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ARGUED AND DETERMINED
THE POOR LAWS,
POINTS IN CRIMINAL LAW,
AND OTHER SUBJECTS
CHIEFLY CONNECTED WITH
The Duties and Office of Magistrates :
COMMENCING WITH MICHAELMAS TERM, 11 VICTORIÆ.
REPORTED PRINCIPALLY BY
PHILIP BOCKETT BARLOW, Esq., HENRY JOHN HODGSON, Esq.,
PORMING PART OF
THE LAW JOURNAL REPORTS.
REPORTS OF CASES
CONNECTED WITH THE DUTIES AND OFFICE OF MAGISTRATES :
MICHAELMAS TERM, 11 VICTORIÆ.
An order of removal from P. to L. was founded on examinations, which stated that the pauper rented a tenement of above 101. for a year, and paid rent during his tenancy. On appeal, the Sessions confirmed this order, subject to a case on the point, whether the examinations were defective for not shewing that “the” rent was paid by the pauper. The case directed that if this Court should consider the objection to the examinations fatal, the order was to be quashed "for de ficiency of the examination" whereon it was founded. The Court of Queen's Bench, after argument, quashed the order of Sessions and order of removal.
On appeal against a subsequent order removing the same pauper from P. to L. upon the same settlement, the appellants objected that the respondents were estopped by the decision on the former case, ( which was set out in the examinations,) and rested their objection upon production and proof of a copy of the record in the Crown Office, shewing that the former order had been quashed. The respondents did not offer any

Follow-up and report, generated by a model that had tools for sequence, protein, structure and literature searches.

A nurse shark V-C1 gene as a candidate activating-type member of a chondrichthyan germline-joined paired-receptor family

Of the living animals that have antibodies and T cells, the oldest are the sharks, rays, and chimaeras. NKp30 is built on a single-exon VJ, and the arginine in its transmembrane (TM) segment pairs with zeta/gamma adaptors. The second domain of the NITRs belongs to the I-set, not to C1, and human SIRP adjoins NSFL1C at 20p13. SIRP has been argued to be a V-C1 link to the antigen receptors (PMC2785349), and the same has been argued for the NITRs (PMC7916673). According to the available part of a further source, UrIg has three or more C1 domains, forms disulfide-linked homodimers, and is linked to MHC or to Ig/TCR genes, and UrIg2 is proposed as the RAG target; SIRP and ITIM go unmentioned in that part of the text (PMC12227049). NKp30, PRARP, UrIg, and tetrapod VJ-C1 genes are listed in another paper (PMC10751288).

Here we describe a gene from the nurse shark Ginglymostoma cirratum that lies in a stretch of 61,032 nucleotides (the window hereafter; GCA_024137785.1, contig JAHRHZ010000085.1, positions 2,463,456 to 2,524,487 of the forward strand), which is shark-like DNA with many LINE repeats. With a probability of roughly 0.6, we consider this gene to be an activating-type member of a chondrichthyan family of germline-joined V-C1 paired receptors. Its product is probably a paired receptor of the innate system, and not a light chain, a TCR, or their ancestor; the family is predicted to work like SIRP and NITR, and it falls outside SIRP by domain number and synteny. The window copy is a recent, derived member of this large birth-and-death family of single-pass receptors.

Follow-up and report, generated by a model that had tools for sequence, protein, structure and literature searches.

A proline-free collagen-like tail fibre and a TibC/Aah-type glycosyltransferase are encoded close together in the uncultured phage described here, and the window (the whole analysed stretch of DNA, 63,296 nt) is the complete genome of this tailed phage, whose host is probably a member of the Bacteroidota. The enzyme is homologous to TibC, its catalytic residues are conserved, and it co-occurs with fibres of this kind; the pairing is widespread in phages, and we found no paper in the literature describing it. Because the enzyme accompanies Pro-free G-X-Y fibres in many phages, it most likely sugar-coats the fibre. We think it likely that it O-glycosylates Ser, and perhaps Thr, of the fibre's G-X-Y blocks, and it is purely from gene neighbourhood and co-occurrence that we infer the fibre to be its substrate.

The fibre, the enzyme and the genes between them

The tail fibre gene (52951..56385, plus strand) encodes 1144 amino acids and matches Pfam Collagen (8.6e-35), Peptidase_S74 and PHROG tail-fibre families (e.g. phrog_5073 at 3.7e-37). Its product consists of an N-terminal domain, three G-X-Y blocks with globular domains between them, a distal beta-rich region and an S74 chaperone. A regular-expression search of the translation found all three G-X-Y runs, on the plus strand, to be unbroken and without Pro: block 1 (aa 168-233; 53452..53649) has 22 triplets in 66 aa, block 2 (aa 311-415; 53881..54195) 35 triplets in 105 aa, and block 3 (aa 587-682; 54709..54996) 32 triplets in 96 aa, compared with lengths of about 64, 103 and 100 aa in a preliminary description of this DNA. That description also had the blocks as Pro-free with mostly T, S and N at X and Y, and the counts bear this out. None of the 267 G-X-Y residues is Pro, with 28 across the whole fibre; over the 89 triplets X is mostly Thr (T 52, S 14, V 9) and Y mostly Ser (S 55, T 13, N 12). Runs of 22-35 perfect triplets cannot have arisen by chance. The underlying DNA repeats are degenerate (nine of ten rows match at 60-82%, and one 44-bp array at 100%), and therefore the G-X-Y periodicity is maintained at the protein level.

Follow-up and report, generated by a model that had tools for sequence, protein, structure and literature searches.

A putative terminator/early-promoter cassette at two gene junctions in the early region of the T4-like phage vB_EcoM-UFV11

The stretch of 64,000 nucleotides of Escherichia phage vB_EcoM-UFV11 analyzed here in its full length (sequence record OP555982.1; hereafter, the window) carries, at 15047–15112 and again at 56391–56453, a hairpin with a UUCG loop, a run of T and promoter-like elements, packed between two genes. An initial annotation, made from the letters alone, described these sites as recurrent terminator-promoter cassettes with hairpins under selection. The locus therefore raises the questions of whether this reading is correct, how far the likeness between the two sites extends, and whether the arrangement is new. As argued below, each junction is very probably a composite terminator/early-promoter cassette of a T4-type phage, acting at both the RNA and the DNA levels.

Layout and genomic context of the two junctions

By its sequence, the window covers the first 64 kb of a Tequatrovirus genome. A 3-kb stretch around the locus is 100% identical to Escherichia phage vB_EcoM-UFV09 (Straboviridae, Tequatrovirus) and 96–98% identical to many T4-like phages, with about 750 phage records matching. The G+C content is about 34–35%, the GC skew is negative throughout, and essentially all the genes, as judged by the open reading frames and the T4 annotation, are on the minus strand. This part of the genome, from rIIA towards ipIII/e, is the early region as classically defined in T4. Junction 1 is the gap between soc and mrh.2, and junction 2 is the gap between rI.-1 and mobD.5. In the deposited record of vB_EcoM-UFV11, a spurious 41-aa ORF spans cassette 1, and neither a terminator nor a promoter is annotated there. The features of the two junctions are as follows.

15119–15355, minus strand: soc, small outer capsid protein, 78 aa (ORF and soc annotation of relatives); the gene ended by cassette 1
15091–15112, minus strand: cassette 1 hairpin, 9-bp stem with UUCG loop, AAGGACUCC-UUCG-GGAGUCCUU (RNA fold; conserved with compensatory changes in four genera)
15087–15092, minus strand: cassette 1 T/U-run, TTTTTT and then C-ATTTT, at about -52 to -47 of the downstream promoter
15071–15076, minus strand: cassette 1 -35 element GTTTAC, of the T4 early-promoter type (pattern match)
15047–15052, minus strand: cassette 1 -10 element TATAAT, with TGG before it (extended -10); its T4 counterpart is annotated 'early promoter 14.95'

NEW SERIES, XVII.-Mag. Cas.
evidence to shew that the judgment did not proceed on the point of settlement. The Sessions held that the respondents were not estopped.
The appellants then tendered evidence to shew that the decision of the Court of Queen's Bench proceeded on the ground that the former examinations were insufficient in the point of shewing a settlement, which the Sessions held to be inadmissible ( subject to the opinion of this Court); but it being admitted, that if this evidence could be received, the decision did proceed on that ground, they further asked, whether such a decision was conclusive :-Held, first, that the quashing of the prior order "for defici. ency of the examinations" was equivalent to a general quashing, and that the respondents were not estopped by the former judgment, either party being at liberty to shew the grounds on which it proceeded.
Secondly, that evidence of the grounds of the decision of this Court was admissible.
Thirdly, that the decision in the former case was on a point of settlement, and conclusive.